CITIZENS part 5 – The Impact Of Citizenship (Eph 3:1-13) – James Lusk
Ephesians Study Material- Eph. 3:1-13
Paul wrote the letter of Ephesians as a general letter to a large region of churches during his first Roman imprisonment. The letter to the Ephesians and the letter to the church in Colosse were most likely written around the same time and delivered at roughly the same time. The letter to the Ephesians is a passionate and beautiful letter, riddled with hymns and exhortations, rich in theology and eschatology setting it apart from all other Pauline Epistles. The letter emphasizes the nature of the church and the relationship of Christ as the head of the church. In Chapter 2, Paul brought the church to a revelation of praise for the ways in which Christ has saved that naturally spilled into a oneness of all who believe. Chapter 3 continues along the some vein, distinguishing the uniqueness of the whole Church (both Jews and Gentiles) in the world.
Text: Eph. 3:1-13
For this reason I, Paul, a prisoner for Christ Jesus on behalf of you Gentiles— 2 assuming that you have heard of the stewardship of God’s grace that was given to me for you, 3 how the mystery was made known to me by revelation, as I have written briefly. 4 When you read this, you can perceive my insight into the mystery of Christ, 5 which was not made known to the sons of men in other generations as it has now been revealed to his holy apostles and prophets by the Spirit. 6 This mystery is that the Gentiles are fellow heirs, members of the same body, and partakers of the promise in Christ Jesus through the gospel.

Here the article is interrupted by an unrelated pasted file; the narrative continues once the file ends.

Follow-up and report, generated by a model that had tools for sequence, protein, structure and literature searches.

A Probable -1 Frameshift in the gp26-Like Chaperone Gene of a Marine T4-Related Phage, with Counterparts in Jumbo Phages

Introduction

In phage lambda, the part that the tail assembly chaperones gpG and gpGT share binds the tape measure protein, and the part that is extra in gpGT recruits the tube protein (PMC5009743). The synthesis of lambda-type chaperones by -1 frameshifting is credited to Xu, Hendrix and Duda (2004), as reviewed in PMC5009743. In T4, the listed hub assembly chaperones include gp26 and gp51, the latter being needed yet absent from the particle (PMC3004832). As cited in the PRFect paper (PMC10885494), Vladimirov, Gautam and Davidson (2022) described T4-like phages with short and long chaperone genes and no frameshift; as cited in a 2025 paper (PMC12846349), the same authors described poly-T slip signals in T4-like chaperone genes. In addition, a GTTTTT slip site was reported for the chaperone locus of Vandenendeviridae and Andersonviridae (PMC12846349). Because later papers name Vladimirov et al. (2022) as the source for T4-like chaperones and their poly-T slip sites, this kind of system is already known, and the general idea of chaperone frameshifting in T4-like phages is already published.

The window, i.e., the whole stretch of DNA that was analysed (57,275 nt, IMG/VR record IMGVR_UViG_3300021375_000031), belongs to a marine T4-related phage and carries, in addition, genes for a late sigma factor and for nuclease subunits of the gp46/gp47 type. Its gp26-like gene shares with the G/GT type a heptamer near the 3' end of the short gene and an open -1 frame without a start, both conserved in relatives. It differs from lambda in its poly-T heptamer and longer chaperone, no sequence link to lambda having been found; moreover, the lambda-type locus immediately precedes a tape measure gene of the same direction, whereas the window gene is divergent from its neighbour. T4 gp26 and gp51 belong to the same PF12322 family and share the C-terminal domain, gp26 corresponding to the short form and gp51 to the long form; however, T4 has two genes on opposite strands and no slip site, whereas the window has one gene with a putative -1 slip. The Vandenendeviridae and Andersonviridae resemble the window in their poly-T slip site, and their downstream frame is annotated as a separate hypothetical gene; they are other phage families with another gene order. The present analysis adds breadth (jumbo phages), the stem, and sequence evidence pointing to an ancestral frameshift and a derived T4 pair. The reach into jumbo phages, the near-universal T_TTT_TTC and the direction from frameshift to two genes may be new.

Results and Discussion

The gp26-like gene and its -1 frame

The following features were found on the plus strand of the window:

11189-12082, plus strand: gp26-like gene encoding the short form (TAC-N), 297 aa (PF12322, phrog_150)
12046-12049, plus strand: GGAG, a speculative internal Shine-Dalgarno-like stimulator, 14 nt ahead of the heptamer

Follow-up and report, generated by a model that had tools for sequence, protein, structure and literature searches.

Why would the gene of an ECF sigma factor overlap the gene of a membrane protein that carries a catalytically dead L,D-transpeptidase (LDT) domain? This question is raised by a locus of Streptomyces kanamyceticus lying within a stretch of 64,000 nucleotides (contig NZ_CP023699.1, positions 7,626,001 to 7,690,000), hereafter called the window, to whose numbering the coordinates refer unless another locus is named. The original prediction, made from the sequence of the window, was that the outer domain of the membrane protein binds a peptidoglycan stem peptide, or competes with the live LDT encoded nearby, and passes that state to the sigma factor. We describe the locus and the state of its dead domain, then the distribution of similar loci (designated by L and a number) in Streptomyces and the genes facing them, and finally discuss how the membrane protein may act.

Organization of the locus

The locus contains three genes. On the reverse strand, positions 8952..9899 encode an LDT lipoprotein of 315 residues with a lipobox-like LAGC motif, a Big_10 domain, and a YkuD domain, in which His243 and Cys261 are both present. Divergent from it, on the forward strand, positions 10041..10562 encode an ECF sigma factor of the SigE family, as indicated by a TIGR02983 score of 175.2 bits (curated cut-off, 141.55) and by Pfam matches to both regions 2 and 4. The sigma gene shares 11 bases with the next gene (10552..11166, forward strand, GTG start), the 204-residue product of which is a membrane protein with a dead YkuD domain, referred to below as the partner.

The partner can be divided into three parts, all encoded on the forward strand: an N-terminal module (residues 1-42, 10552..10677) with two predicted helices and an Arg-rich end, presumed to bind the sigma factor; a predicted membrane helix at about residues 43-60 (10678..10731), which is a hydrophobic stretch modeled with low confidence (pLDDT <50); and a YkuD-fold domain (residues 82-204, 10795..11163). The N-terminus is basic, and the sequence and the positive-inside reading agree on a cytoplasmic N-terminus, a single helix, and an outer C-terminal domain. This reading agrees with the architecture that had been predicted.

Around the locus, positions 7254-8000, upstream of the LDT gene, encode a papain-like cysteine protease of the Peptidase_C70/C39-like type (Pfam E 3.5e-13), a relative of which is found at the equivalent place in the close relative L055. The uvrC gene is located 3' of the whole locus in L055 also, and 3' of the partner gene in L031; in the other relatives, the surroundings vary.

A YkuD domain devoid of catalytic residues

7 Of this gospel I was made a minister according to the gift of God’s grace, which was given me by the working of his power. 8 To me, though I am the very least of all the saints, this grace was given, to preach to the Gentiles the unsearchable riches of Christ, 9 and to bring to light for everyone what is the plan of the mystery hidden for ages inGod who created all things, 10 so that through the church the manifold wisdom of God might now be made known to the rulers and authorities in the heavenly places. 11 This was according to the eternal purpose that he has realized in Christ Jesus our Lord, 12 in whom we have boldness and access with confidence through our faith in him. 13 So I ask you not to lose heart over what I am suffering for you, which is your glory.
In this slight digression from the original prayer that Paul began in the earlier portion of the letter, he brings the readers attention to the uniqueness of who they are. Particularly, their unique call to impart a unique mystery, and to reveal a unique people, the Church which has always been His purpose.
Suggested Discussion Questions
- In what way is the Church central to the Old Testament?
- What does this say about God’s intentions all along?